It really doesn’t matter how anything starts but what always matters is how it ends. You definitely end up making this choice for yourself.
A cup of coffee is nothing but water, ground coffee beans, and heat. You fill in a measure of water, add a couple spoonfuls of coffee, then place it on a fire.
At the beginning you don’t know how much coffee you need to use to give you the strength, consistency, and taste that becomes to your liking. You might not even know how you like your coffee just yet, and you wouldn’t know until you’ve made your first cup and tasted it.
Such is the case with starting to learn anything. Your first efforts are rarely satisfactory. Your first cup of coffee is often either too weak or too bitter. You may have chosen the wrong beans for your chosen brewing method, or forgotten it on the fire for longer than necessary.
You do it, still, persistently, because you crave the results of consuming this cognition-enhancing potion. You get that delicious buzz of alertness and it drives you to keep making more coffee.
One cup at a time, many experiments later, you learn how much ground beans to add, how fine or coarse you should grind them, how long they should be brewing, how strong you want your coffee, and what sort of beans tastes best.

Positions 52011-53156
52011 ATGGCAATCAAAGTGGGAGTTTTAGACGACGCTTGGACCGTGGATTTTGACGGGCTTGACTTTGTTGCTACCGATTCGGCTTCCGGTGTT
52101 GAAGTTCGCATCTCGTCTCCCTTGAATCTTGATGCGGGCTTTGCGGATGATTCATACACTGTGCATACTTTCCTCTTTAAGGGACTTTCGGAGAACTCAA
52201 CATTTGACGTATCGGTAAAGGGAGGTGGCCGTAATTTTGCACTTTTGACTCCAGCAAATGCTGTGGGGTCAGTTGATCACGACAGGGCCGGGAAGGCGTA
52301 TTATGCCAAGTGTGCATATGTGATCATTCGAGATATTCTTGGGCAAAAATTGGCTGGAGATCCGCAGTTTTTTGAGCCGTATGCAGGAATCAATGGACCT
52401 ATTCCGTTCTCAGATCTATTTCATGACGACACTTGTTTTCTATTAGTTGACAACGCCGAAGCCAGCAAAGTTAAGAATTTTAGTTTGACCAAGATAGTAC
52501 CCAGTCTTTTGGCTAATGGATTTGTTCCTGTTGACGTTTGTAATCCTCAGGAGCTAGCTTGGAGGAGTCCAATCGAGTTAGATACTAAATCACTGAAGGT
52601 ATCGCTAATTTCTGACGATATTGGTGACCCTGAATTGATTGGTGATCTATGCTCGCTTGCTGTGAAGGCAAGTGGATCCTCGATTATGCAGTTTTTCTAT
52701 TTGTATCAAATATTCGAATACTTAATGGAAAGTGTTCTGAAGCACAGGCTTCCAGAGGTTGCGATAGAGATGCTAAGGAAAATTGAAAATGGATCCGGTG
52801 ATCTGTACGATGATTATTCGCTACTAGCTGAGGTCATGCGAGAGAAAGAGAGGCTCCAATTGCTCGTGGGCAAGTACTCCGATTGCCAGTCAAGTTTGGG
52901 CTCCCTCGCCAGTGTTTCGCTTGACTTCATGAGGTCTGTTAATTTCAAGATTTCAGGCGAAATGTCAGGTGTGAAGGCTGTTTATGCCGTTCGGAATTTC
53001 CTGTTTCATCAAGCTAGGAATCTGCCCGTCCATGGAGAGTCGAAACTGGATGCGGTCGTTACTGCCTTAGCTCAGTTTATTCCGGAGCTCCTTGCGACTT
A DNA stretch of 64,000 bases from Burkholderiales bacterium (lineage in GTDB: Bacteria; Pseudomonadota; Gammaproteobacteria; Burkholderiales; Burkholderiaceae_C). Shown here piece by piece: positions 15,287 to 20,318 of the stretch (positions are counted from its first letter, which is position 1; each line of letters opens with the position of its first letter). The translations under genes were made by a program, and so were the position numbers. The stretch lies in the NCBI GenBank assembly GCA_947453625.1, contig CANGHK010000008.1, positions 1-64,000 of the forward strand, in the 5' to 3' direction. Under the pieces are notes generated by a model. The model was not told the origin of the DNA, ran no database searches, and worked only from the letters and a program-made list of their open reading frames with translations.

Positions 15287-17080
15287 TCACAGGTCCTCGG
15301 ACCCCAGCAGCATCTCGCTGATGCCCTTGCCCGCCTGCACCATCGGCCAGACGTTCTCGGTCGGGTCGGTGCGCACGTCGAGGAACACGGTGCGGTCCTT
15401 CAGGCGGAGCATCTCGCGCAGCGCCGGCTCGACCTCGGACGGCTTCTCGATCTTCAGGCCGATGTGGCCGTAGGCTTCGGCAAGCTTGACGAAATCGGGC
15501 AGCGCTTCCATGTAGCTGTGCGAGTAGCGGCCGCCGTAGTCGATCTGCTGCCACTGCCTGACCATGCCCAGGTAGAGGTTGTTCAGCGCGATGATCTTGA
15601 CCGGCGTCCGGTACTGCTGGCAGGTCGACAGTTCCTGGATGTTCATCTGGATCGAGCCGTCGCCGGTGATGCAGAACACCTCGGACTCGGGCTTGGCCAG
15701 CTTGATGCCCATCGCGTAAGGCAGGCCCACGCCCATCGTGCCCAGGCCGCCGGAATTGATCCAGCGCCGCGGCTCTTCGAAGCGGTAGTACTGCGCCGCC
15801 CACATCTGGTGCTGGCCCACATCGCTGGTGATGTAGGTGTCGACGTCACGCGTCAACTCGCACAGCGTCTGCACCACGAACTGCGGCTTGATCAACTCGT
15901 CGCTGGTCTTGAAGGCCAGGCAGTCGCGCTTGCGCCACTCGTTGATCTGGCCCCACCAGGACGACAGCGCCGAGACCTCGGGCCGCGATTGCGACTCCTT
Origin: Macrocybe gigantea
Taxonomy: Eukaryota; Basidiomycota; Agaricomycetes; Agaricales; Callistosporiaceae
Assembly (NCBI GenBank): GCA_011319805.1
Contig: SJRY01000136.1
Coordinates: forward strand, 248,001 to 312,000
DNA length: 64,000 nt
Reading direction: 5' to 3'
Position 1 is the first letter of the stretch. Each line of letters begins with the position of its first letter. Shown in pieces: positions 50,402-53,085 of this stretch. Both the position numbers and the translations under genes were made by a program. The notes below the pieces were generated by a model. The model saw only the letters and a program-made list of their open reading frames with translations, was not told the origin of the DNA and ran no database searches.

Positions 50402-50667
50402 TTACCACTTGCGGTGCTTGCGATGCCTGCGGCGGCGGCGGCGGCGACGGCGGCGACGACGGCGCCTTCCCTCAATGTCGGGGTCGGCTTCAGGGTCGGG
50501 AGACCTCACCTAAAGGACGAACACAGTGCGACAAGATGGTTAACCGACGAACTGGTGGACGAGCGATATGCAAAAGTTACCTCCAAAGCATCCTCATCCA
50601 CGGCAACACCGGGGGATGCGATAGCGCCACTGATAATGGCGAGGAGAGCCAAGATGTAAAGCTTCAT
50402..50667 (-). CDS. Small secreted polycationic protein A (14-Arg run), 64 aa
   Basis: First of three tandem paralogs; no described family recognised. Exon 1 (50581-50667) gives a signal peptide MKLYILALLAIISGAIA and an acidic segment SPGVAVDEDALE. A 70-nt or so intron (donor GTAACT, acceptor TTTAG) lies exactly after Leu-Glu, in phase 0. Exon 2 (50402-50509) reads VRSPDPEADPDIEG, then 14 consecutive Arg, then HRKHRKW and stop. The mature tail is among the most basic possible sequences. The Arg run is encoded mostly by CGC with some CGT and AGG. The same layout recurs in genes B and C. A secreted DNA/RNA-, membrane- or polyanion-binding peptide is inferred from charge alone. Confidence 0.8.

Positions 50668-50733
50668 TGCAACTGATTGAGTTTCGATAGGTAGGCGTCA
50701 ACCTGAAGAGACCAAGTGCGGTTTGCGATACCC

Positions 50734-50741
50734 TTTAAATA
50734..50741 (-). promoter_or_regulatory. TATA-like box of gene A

Persistence is the only requirement for excellence and mastery.
You should always divorce yourself from the results. It doesn’t matter how bad your first attempts turn out to be. It doesn’t matter how clumsy, ignorant, weak, stupid, or clueless you look. The only difference between the amateur and the pro is consistency and the constancy of purpose.
Don’t give up.
Trying again and again, consistently and with persistence and perseverance, is the only road that takes an amateur to be a practitioner, and then ultimately, a master.
Getting bored, impatient, fearful of ridicule, or dejected by the mediocrity of your first few attempts is a license to give up and a sure recipe for failure. Because failure is not being able to do something perfectly well, but it rather is absolutely about giving up trying to get better.
It is exactly what I keep telling my son: trying is winning; giving up is losing.
And if you are convinced of the worthiness of your pursuits, if you are completely adamant to get better at doing whatever it is your endeavor to achieve, something miraculous will happen. You will get slightly better, then significantly better, and one day you will imbue your practice with your own creativity and uniqueness to reach mastery and be renowned for your skill.
Persistence is the only true antidote to mediocrity.
Keep at it.
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